like, share, tweet and followWith the hiring market rebounding, HR departments are becoming acutely aware of two things. Firstly they need to take steps to improve their staff retention rates. But more than that, they need to address how they can significantly up their game in the recruitment department. Failure to address these issues could leave organizations with significant staff shortages as the economy continues to pick up.

Whilst it remains the case that job boards are a strong source of candidates for your immediate hiring needs, growing numbers of recruiters are adding some form of social recruiting to their arsenal too. So what uses of social media could you consider incorporating into your recruitment team’s activities? Here are several effective angles to consider:

Candidate Attraction

An organization with a strong social media following can often boast candidate reach on a par with that of a niche job board. By finding ways to add value to your target candidate audience, figure on their radar and engage with them, over time your organization can build itself a significant recruiting asset. Invest in learning about social media marketing for recruiters – and be sure to set aside the necessary time and resources to make a success of this approach. But then you’re building up a readership that is yours for the long term – and that will continue to generate candidate interest for years to come.

Candidate Experience

How exemplary is your candidate experience today? From the point at which candidates start to consider your organization as an employer – through to the point at which they join – what scope is there for them to engage and ask questions of your team? Maybe they have reservations about applying? Maybe they have pressing questions they’ve thought of straight after their first interview? Maybe they’d like to talk to someone when weighing up your job offer against another that they’ve received?

Historically employers have been wary of providing means for candidates to “talk to the business” before and during the recruiting process, as phone contact can totally overwhelm an organization. However social media has totally changed things. A twitter account, for example, can provide an easy means for candidates to have questions answered in private – all the while keeping interactions limited to only 140 characters! It’s also a great way of involving “the business” in the recruiting process without it being much of a drain on their time. Just think how many more of your shortlist candidates might have joined you if they’d only had a better candidate experience. That’s the upside at stake here.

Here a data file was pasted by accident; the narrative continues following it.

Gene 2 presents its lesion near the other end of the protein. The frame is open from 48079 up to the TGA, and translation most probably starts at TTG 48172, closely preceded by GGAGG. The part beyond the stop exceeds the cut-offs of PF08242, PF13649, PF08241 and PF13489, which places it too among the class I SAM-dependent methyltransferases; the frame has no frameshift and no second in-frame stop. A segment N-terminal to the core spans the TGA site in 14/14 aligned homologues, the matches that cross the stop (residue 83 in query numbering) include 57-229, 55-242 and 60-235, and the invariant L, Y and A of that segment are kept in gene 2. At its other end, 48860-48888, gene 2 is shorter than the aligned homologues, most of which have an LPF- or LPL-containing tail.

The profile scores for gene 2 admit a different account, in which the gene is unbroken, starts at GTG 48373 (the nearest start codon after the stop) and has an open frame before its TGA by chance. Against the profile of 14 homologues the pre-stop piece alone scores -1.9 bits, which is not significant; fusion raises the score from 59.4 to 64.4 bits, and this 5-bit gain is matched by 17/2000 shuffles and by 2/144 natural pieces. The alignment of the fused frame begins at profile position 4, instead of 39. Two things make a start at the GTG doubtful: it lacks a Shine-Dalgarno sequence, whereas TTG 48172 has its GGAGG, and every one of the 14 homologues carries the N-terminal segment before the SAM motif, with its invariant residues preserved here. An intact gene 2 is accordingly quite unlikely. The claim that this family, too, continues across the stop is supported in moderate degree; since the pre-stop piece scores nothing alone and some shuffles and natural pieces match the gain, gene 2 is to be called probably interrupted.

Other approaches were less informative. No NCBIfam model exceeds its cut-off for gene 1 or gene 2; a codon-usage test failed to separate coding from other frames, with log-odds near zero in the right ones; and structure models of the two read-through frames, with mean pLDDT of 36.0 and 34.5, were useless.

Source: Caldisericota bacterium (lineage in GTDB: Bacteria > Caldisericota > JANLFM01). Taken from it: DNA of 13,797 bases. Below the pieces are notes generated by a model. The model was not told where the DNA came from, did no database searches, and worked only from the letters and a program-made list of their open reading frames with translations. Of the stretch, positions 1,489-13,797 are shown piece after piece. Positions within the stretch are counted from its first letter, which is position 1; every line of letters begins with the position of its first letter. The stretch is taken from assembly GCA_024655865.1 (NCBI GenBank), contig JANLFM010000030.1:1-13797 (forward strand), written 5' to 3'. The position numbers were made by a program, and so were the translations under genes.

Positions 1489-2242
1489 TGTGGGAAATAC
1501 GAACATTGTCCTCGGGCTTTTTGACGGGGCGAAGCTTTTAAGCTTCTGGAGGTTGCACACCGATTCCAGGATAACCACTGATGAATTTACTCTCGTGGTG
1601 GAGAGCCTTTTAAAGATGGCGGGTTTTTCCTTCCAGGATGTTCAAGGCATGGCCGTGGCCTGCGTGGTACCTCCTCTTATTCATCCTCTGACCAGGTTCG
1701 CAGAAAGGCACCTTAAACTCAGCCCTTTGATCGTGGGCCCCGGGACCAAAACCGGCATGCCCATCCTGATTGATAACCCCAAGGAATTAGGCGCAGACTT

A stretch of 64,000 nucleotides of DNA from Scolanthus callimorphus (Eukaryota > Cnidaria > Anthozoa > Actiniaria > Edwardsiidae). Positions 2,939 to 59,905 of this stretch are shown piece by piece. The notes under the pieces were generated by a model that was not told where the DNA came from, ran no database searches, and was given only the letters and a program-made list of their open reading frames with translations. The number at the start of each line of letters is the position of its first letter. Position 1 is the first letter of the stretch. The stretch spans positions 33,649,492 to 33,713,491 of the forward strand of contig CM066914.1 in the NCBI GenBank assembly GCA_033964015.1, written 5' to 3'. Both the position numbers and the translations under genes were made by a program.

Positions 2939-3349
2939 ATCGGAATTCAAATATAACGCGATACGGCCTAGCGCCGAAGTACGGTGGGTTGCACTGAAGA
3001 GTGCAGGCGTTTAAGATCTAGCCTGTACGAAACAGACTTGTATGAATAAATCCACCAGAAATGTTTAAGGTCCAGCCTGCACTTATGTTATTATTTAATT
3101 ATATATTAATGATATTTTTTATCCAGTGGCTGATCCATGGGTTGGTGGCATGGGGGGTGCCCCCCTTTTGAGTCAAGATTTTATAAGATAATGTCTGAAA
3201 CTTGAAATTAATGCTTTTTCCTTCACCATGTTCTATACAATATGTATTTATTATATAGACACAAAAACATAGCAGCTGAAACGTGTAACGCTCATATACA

Employer Branding

Alongside the above presence on social media, there’s also scope for prospective candidates to follow your organization’s “Company Pages” on the likes of Facebook, Google+ and LinkedIn. This helps ensure candidates are attuned to what’s happening in your organization – and increases the likelihood of expectations being met when they join you. The more candidates feel like they know and understand your organization, the more likely they are to accept an offer of employment. The more likely they also are to be tempted by a job advert in the first place. Hopefully you’re starting to see how social recruiting isn’t just a standalone benefit, but also something that bolsters the effectiveness of all your other recruiting activities?

Candidate Sourcing

Last but not least, for the more proactive recruiter there are numerous services that allow you to search for your ideal candidate based on their social media profiles. At one end of the spectrum you have the simpler free tools to search candidates’ profiles on Google+, Twitter, LinkedIn and the like. At the other end of the spectrum are the paid “People Aggregator” services. These compile data about candidates from multiple social media sites and sources, so that when you search for candidates you are presented with a complete picture of their candidacy based on all their publicly available information. Examples would include HiringSolved, TalentBin and 3Sourcing. This route is particularly effective for those recruiters who want to research and proactively approach their target candidates – as it gives recruiters access to sizeable candidate databases that historically would have been the preserve of headhunting businesses.

Which will you put into practice in 2014? Would love to hear your thoughts in the comments section below.

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